What is CHARA?

Photo courtesy Eric Simison, Sea West Enterprises

The flagship project of Georgia State University's Center for High Angular Resolution Astronomy (CHARA) is its optical interferometric array of six telescopes located on Mount Wilson, California. Each telescope of the CHARA Array has a light-collecting mirror 1-meter in diameter. The telescopes are dispersed over the mountain to provide a two-dimensional layout that provides the resolving capability (but not the light collecting ability!) of a single telescope with a diameter of 330 meters (one fifth of a mile)! Light from the individual telescopes is transported through vacuum tubes to a central Beam Synthesis Facility in which the six beams are combined together. When the paths of the individual beams are matched to an accuracy of less than one micron, after the light traverses distances of hundreds of meters, the Array then acts like a single coherent telescope for the purposes of achieving exceptionally high angular resolution. The Array is capable of resolving details as small as 200 micro-arcseconds, equivalent to the angular size of a nickel seen from a distance of 10,000 miles. In terms of the number and size of its individual telescopes, its ability to operate at visible and near infrared wavelengths, and its longest baselines of 330 meters, the CHARA Array is arguably the most powerful instrument of its kind in the world.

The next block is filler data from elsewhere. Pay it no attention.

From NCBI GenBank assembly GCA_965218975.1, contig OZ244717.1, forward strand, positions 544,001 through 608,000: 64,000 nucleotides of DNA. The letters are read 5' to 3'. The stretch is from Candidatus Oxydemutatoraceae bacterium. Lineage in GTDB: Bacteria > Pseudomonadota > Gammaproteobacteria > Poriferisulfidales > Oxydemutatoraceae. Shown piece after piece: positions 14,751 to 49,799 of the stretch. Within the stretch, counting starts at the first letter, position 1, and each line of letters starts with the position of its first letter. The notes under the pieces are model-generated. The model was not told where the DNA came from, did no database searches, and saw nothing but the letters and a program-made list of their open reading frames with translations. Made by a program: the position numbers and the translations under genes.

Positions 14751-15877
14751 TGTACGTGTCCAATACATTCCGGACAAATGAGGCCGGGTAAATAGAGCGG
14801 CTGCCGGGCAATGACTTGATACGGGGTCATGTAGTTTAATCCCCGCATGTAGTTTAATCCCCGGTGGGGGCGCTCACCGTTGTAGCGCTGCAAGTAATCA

Science Objectives

The Array is applicable to problems in almost all areas of contemporary astronomy. It is particularly suited to stellar astrophysics where it is be used to measure the diameters and temperatures of stars, image features such as spots and flares on their surfaces, and map the orbits of close binary companions. Other projects range from detecting other planetary systems, imaging stars in process of formation, and studies of bright transient phenomena like novae.


Take a photo tour of the CHARA Array.